Hundreds of Maori protesters gather to demonstrate against what they say is the disproportionate number of Maori children taken by social service agencies from their families, outside parliament in Wellington, New Zealand, July 30, 2019。 /Reuters

Daughter of a prominent Maori politician, Mahuta was deeply engaged in and heavily influenced by her father‘s work。 She had the first hand privilege to witness some of the achievements her father secured。 Coupled with her strong links to the Maori King Movement, a fertile ground for her entry into politics was laid upon the young learner。



She was elected to parliament in 1996 and has since worked studiously to advocate for her Tainui electorate。 She has also held portfolios including trade, customs, Maori affairs and youth development and was once named by the BBC as one of the top 100 most influential women。

Accompanying Mahuta‘s 24-year political career is a long list of accomplishments she has made in a rather humble, low-profile style。 “I’ve learned what to worry about and what not to worry about – I don‘t want to be distracted,” she told the Guardian。

Ripe for the top diplomat post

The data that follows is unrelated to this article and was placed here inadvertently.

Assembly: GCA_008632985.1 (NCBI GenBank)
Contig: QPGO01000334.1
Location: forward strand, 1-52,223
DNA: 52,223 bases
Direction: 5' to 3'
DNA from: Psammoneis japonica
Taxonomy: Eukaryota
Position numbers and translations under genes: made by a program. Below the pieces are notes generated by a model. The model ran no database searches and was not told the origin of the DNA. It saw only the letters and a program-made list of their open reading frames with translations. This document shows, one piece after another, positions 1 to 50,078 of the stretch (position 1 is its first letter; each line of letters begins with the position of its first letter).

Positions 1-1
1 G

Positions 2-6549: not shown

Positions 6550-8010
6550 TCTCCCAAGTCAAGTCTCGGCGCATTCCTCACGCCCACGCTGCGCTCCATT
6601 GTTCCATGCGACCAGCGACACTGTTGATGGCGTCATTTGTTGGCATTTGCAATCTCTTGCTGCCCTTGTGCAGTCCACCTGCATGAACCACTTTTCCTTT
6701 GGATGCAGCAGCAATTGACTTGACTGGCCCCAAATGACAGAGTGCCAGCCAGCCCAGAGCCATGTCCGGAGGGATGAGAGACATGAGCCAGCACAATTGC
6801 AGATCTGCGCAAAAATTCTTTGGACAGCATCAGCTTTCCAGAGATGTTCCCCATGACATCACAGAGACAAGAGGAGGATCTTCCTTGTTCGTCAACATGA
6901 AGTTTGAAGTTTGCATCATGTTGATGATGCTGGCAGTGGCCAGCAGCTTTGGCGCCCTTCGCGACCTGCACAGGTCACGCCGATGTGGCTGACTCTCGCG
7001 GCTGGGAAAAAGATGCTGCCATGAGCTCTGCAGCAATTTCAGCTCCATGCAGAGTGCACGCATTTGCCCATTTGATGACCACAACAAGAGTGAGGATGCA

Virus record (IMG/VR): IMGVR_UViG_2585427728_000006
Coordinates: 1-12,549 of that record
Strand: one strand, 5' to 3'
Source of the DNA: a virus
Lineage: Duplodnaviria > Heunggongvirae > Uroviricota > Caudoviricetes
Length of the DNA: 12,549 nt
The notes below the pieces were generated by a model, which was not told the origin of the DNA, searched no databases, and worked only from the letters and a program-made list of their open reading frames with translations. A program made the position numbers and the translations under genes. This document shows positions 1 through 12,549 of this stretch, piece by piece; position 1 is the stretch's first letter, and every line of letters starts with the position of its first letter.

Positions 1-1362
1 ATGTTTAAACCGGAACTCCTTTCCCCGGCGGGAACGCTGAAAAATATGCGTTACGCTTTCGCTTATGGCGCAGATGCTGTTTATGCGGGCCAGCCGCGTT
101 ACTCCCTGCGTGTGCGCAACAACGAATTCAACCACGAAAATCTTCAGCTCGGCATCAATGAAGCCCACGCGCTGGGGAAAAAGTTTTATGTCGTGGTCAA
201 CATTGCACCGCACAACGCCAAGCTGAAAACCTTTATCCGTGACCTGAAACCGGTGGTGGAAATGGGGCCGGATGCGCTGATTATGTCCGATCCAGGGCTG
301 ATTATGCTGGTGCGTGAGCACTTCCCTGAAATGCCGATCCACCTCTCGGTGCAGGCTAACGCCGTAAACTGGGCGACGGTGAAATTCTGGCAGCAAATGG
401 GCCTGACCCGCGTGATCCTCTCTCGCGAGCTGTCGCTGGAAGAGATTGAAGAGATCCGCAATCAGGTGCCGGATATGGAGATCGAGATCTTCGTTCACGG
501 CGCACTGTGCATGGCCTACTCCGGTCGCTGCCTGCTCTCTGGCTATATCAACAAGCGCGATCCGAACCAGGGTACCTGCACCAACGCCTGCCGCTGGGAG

Mahuta‘s political career has not been devoid of challenges。 

A member of the Labour Party, she was once caught in a dilemma over her party‘s push to pass the controversial foreshore and seabed bill, an attempt that was met with fierce opposition by her people as a whole。 At first Mahuta stood at the forefront of those opposing the bill, but when its draft was altered twice she then opted to support it。 “It seems to me by taking this step the door is open for the electorate of Tainui (one of the Maori tribal confederations)。。。 to work with a government who is committed to trying to get things right。 We’ve all got to start somewhere,” she said after making that decision。

People gather to protest the foreshore and seabed bill。 /Getty

Though the stance upset her own base, Mahuta emerged as a pragmatist who can see the bigger picture。 “Even though that particular act didn‘t have the support of her iwi I think her iwi and her political place was able to see beyond that,” Shane Te Pou, a former Labour candidate, campaign manager and executive member, told RNZ, a New Zealand public-service radio broadcaster。



Mahuta has also navigated the changing relationships between iwi, Maori tribes and her party, which amasses Maori‘s generations-old support but in recent years has been seen by some to have shunned key issues affecting their community。 Nonetheless, Mahuta’s firm grip on the support of her electorate has not faded, and that is attributed largely to her role of bridging governments in both local and central levels, a great asset she possessed in promoting future opportunities for her people。

“She is someone who builds fantastic relationships very quickly and that is one of the key jobs in a foreign affairs role,” Ardern said when announcing Mahuta‘s appointment。